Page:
Inria / Raweb 2004
Project-Team: DaRT

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Project-Team : dart

Section: Scientific Foundations

Keywords: SystemC, TLM.

SoC Simulation

Participants: Ahmad-Chadi Aljundi, Pierre Boulet, Jean-Luc Dekeyser, Samy Meftali, SmaÔl Niar, MickaŽl Samyn, JoŽl Vennin.

Many simulations at different levels of abstraction are the key of an efficient design of embedded systems. The different levels include a functional (and possibly distributed) validation of the application, a functional validation of the application and and architecture co-model, and a validation of a heterogeneous specification of an embedded system (a specification integrating modules provided at different abstraction levels). SoCs are more and more complex and integrate software parts as well as specific hardware parts (IPs, Intellectual Properties). Generally before obtaining a SoC on silicium, a system is specified at several abstraction levels. Any system design flow consist in refining, more or less automatically, each model to obtain another, starting from a functional model to reach a Register Tranfert Level model. One of the biggest design challenge is the development of a strong, low cost and fast simulation tool for system verification and simulation.

The DaRT project is concerned by the simulation at different levels of abstraction of the application/architecture co-model and of the mapping/schedule produced by the optimization phase.

Abstraction levels

Design flow systems allow the description of system modules (IPs) mainly at four levels of abstraction (this is the case of SystemC [46]):

Untimed functional level (UTF):

a model is similar to an executable specification, but no time delays are present at this level. Shared communication links (buses) are not modeled either. The communications between modules are point to point, and usually modeled using FIFOs.

Timed Functional Level (TF):

it is similar to UTF but timing delays are added to processes within the design to reflect the timing constraints of the specification and also to process delays of the target architecture.

Transaction Level (TLM):

the communication between modules is modeled using function calls. At this level the communication model is accurate in term of functionality and often in term of timing (model the transaction on the buses but not the pins of the modules).

Register Transfert Level (RTL):

it is the lowest level in a SystemC design flow. The internal structure accurately reflects the registers and the combinatorial logic of the target architecture. The communications are described in details in terms of used protocols and timing. Each module's behaviour corresponds exactly to the behaviour of the physical module.


The results of DaRT simulation package concerns mainly the UTF level and the TLM level. We also propose techniques to intercat with IPs specified at other level of abstraction (mainly RTL).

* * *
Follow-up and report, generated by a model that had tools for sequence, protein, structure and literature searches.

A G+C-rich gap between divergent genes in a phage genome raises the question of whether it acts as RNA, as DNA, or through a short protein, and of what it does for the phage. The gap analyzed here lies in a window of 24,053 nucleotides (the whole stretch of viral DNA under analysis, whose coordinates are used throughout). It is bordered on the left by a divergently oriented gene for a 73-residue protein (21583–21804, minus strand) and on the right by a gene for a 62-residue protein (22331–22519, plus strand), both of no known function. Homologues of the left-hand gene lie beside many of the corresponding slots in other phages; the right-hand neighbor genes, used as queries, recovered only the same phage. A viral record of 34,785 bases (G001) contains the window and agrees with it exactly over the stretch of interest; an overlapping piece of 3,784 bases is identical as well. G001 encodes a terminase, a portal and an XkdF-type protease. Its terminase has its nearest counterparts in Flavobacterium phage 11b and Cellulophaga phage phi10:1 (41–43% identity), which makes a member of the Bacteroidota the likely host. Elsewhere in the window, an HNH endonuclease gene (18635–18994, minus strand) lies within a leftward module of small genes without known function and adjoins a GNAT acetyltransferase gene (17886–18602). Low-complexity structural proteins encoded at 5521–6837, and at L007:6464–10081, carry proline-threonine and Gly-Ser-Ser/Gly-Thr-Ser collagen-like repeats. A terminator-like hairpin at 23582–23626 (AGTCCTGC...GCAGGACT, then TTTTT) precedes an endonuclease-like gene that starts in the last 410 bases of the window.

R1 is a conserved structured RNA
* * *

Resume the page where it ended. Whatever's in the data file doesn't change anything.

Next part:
At the UTF level: we have developed a Distributed Kahn Process Network environment. The result of this simulation guarantees the functionality of the application model. By the observation of the FIFO sizes we are able to transform the application to improve the load balance of the system. The distributed aspect of this simulator permits to associate IPs from different builders available on different websites.

At TLM level: From the association model of our ``Y-model'', we are able to simulate the application and the architecture of the SoC in the same time. The results expected from this simulation cover the schedule of elementary tasks, the mapping of the data parallel structure on hierarchical and parallel memories, and the communications involved by this mapping. At this level, our models still PIM.

At RT level: In order to get physical implementations of our applications, we are developing an RTL metamodel. Models at this level will be obtained by transformation from those represented at TLM.

At SystemC level: we propose some generic wrappers to allow multilevel abstraction interoperability. A special effort was done to support distributed and heterogeneous simulation framework (see figure†6).

Figure 6. Distributed SystemC Simulation

Co-simulation in SystemC

From the association model, the Gaspard environment is able to produce automatically SystemC simulation code. The MDA techniques offer the transformation of the association model to the SystemC Gaspard model. During this transformation the data parallel components are unrolled and the data dependencies between elementary tasks become synchronisation primitive calls.

The SoC architecture is directly produced from the architecture model. A module in SystemC simulates the behaviour of tasks mapped to a particular processor. Other modules contain the data parallel structures and are able to answer to any read/write requests. The communications between tasks and between tasks and memories are simulated via communication modules in SystemC. These last modules produce interesting results concerning the simultaneous network conflicts and the capacity of this network for this application.